Concrete Formwork

In home construction, three types of foundations are used, basement, crawlspace and slab on grade; all three involve formwork. Formwork is the term used to denote the molds that concrete is poured into to form walls, footings and slabs. Some footings are poured directly into excavated holes, but most formwork consists of lumber and stakes.

Footings are poured and formed first. These are the perimeter slabs of concrete which distribute and carry the weight of the house, and anchor it to the undisturbed soil. Footings need to reach at least one foot below the frost line. Reinforcing bars and wall tie-in anchors, known as J-bolts, are usually set into the concrete of the footing as well. After this step the formwork for floor slabs, beams or walls which will support the house framing is constructed.

Making the formwork typically takes around two days from the start time until they are ready for concrete to be poured. To a person not familiar with construction, formwork will look haphazard and ragged. These temporary structures are typically built out of old lumber and are reused from project to project.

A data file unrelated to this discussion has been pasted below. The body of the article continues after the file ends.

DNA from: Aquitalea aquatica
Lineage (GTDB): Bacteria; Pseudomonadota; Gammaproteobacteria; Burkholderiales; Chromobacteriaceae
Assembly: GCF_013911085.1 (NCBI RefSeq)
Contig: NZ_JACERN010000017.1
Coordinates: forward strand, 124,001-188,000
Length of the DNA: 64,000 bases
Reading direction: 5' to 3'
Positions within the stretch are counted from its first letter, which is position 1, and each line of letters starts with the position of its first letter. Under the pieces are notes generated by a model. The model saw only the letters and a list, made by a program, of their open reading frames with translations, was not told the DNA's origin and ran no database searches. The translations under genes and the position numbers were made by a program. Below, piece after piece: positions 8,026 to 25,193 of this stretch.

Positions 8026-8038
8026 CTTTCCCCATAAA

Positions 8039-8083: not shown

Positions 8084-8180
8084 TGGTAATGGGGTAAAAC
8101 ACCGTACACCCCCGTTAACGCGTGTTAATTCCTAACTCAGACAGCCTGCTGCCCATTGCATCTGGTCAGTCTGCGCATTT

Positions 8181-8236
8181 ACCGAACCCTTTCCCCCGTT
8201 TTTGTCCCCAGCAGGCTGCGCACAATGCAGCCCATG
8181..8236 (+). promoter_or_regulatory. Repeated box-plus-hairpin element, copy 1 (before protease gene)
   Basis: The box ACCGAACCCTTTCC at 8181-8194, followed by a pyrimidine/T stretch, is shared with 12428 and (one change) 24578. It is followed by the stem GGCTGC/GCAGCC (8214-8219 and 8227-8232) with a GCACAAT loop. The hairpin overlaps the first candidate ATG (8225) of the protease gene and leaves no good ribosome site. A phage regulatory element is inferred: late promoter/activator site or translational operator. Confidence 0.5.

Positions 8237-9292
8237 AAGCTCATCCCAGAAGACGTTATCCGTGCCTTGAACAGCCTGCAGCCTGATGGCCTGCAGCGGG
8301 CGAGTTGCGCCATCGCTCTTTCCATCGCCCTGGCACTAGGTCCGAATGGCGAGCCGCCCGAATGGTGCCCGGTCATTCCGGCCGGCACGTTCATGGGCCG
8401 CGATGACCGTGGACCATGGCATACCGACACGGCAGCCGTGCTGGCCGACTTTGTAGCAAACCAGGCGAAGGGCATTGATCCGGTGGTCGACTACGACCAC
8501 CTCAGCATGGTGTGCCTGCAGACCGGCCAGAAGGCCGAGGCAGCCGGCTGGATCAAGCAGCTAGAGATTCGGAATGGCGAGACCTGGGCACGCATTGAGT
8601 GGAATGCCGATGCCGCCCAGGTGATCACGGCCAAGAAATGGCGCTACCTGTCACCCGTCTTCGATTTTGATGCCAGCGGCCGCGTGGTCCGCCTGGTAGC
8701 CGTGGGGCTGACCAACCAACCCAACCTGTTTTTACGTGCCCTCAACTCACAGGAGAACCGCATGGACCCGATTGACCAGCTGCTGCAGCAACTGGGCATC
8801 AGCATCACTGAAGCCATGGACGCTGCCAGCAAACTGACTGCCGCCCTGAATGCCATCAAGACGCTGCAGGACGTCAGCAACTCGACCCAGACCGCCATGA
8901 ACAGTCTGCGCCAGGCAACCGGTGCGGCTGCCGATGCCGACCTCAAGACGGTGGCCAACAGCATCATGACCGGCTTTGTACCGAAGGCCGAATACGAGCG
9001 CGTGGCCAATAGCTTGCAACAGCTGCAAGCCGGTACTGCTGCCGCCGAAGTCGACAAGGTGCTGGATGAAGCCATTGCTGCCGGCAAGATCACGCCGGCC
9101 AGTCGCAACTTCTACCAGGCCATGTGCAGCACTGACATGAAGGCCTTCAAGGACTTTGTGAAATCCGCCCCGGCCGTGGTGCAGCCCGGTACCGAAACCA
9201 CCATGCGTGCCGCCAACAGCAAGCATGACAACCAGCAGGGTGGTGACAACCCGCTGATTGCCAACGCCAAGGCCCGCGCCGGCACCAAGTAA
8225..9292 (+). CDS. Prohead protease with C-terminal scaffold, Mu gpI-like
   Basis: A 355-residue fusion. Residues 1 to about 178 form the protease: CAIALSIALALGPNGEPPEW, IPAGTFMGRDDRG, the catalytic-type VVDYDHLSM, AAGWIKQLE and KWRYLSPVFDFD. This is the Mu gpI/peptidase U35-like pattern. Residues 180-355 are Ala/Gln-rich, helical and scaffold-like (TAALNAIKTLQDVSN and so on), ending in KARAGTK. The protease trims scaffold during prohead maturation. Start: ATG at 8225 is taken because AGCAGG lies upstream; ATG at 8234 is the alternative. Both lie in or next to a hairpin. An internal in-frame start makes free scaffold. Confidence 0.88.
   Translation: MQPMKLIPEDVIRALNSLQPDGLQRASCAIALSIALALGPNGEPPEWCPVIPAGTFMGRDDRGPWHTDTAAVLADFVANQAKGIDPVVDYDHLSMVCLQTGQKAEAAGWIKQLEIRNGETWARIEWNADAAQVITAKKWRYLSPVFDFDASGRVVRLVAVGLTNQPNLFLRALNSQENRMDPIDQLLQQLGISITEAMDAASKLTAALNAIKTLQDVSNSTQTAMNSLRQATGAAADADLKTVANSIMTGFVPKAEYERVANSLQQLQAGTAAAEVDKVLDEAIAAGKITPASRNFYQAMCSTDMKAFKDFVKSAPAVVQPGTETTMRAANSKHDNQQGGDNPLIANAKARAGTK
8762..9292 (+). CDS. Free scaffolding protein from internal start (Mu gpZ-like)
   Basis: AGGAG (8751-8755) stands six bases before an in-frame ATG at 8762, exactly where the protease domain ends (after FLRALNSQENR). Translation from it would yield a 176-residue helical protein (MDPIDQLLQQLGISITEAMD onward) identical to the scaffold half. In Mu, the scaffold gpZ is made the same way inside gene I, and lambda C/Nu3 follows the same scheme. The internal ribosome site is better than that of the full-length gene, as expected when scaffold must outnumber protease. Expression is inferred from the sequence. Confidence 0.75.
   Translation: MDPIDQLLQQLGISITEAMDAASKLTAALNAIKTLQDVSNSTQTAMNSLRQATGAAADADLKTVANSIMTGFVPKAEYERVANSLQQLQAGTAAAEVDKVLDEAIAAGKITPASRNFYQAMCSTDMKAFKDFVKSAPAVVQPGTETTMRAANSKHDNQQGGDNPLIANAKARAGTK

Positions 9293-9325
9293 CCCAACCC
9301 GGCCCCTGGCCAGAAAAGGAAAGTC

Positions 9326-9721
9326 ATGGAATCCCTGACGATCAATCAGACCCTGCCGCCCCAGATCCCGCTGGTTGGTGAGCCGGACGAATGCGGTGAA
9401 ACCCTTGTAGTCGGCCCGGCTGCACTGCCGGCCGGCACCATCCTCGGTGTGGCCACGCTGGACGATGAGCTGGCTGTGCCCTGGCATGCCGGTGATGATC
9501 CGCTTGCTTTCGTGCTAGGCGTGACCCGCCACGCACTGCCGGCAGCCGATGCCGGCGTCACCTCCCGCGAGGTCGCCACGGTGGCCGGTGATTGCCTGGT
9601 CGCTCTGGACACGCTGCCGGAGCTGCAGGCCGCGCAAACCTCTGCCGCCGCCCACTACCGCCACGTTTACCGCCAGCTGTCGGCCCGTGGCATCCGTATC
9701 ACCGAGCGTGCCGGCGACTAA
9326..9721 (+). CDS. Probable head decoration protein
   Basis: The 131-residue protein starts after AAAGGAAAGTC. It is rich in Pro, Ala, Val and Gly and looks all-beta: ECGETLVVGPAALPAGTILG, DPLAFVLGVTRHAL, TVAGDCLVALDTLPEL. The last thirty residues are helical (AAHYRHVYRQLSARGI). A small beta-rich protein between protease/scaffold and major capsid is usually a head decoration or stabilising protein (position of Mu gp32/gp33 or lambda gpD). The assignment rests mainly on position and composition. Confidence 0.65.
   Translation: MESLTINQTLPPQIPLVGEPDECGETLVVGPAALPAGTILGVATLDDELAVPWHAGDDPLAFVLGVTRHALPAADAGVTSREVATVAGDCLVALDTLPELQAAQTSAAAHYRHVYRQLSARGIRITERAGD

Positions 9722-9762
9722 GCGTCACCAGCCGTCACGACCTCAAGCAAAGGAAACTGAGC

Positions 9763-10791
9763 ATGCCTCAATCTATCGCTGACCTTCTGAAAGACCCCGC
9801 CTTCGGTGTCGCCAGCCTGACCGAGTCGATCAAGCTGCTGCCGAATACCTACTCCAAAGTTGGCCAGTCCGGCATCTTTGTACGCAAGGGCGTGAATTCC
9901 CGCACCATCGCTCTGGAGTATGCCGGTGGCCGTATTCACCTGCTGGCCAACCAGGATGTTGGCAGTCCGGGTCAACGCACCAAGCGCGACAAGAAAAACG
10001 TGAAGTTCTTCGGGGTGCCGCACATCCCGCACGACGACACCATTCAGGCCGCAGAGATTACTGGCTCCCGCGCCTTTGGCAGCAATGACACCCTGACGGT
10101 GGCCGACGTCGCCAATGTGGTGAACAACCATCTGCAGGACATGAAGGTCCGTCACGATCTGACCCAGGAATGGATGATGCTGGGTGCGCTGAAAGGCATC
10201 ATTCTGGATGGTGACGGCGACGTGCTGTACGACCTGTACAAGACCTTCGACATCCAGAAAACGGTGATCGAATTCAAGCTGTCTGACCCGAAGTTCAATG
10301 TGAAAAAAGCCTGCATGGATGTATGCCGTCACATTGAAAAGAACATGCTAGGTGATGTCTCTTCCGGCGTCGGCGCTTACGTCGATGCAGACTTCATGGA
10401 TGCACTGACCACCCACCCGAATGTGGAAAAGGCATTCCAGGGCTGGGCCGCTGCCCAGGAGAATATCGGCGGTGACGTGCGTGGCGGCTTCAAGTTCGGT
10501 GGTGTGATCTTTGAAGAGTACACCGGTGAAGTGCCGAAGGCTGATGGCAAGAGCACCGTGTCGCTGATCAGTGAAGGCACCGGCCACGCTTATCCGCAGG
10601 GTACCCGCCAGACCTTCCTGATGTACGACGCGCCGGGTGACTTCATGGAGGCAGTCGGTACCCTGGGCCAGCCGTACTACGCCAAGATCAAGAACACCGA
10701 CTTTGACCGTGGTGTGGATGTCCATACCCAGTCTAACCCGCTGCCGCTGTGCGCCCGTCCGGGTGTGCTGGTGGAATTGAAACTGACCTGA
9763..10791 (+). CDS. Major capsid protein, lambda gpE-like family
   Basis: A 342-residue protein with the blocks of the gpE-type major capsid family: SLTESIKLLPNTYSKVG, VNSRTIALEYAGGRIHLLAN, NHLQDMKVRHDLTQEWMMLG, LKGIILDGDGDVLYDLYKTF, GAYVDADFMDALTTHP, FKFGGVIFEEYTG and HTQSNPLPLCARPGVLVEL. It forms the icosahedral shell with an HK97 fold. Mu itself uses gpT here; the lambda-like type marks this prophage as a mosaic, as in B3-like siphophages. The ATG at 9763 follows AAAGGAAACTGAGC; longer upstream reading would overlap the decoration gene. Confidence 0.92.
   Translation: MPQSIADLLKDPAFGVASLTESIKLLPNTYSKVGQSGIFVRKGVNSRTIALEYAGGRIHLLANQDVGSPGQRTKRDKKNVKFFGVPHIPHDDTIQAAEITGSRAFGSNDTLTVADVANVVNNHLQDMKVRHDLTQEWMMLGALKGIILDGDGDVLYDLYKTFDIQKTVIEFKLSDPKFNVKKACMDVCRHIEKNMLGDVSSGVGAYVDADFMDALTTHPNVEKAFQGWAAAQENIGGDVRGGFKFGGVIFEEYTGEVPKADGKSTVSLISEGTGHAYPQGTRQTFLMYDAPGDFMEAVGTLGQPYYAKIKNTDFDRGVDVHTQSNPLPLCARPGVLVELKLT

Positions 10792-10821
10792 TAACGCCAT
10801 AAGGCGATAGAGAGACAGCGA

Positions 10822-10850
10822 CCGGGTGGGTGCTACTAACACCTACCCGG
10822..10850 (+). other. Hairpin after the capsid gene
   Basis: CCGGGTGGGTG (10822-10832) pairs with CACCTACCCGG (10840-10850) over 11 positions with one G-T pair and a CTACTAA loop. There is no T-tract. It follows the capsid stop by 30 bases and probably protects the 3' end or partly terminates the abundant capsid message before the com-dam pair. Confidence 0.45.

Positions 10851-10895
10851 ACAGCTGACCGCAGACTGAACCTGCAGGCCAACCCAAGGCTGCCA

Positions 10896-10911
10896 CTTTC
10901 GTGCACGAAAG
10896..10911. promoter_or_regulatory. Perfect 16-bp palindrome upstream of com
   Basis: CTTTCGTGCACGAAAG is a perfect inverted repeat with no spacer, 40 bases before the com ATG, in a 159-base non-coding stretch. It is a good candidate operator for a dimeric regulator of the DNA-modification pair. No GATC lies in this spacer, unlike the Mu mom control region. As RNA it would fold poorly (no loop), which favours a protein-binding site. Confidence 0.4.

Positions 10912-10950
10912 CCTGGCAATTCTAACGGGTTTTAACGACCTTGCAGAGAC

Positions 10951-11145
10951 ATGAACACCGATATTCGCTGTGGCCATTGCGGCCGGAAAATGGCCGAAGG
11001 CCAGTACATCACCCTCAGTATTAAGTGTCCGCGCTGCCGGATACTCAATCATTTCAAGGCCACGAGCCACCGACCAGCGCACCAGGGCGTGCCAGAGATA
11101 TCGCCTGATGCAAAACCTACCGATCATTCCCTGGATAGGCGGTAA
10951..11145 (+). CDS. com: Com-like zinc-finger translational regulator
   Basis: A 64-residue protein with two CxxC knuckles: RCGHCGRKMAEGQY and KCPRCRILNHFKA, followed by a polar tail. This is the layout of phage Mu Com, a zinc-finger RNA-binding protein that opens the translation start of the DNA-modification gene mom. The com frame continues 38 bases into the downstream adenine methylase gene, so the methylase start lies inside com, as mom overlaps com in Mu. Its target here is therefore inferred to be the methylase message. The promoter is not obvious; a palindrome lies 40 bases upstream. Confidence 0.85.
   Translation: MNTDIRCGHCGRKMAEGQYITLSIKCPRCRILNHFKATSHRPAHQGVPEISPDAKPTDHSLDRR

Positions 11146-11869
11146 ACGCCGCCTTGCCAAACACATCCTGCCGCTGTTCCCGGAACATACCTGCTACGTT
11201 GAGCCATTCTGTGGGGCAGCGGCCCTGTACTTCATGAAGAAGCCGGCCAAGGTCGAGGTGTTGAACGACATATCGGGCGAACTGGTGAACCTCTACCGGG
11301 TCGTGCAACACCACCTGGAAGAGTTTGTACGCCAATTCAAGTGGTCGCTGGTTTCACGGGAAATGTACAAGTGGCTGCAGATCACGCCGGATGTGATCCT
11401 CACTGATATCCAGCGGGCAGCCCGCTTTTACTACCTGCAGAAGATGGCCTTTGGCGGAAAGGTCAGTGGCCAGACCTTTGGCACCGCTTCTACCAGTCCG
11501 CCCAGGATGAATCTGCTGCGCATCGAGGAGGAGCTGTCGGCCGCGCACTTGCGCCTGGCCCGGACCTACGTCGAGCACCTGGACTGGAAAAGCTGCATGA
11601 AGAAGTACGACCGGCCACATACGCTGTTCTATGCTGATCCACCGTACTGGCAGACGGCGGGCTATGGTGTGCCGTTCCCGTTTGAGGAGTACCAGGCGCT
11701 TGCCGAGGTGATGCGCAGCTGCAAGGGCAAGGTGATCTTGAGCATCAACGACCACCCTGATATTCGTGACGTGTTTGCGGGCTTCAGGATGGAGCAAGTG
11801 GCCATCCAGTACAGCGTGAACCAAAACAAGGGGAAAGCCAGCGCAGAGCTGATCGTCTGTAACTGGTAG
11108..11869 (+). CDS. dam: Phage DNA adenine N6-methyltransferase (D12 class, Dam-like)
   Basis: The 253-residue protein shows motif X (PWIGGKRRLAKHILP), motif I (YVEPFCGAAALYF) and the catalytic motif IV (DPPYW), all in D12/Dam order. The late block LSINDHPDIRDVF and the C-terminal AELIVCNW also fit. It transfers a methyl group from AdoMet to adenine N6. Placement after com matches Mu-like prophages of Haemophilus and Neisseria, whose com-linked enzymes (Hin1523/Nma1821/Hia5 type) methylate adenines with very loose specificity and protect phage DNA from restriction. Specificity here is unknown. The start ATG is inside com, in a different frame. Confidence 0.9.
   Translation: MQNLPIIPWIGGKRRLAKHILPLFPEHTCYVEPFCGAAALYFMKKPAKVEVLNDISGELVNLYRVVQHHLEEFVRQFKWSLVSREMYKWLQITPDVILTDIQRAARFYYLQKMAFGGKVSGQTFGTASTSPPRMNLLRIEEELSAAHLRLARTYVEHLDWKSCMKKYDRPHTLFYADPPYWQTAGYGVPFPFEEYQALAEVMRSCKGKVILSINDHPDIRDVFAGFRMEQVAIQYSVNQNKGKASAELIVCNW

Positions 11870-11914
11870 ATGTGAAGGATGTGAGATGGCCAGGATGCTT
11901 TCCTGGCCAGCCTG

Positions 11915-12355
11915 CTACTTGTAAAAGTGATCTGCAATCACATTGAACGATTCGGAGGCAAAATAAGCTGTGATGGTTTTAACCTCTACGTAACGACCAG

Once concrete has started to set, the formwork is removed from the foundation. The process of removal leaves gouges and dents in the lumber as nails and bolts are pulled out and ties and bracing and taken away. Although formwork may be damaged on the outer surface, it is still usable as long as the inner surface remains straight and unwarped. They are inspected regularly to ensure the quality of the resulting foundation.

Formwork Systems

For slab and grade beams (the poured concrete members which reinforce and connect foundation piers), formwork is made of 2 x 6 lumber usually. Staked in position and strapped along the top surface, it forms a trellis-like structure. Slab foundation forms have the 2 x 6 boards set on one side only, to form the edges of the slab.

For basement foundations, the formwork for the walls is made from pre-built panels of about 4 x 8 feet, which are reused equipment. One form is set for each side of the wall, forming a gap the width of the wall into which the concrete is poured. Braces, spreaders and wire ties are added to maintain a constant wall thickness. Any interior ties between the forms are cut off flush with the wall after the forms are removed.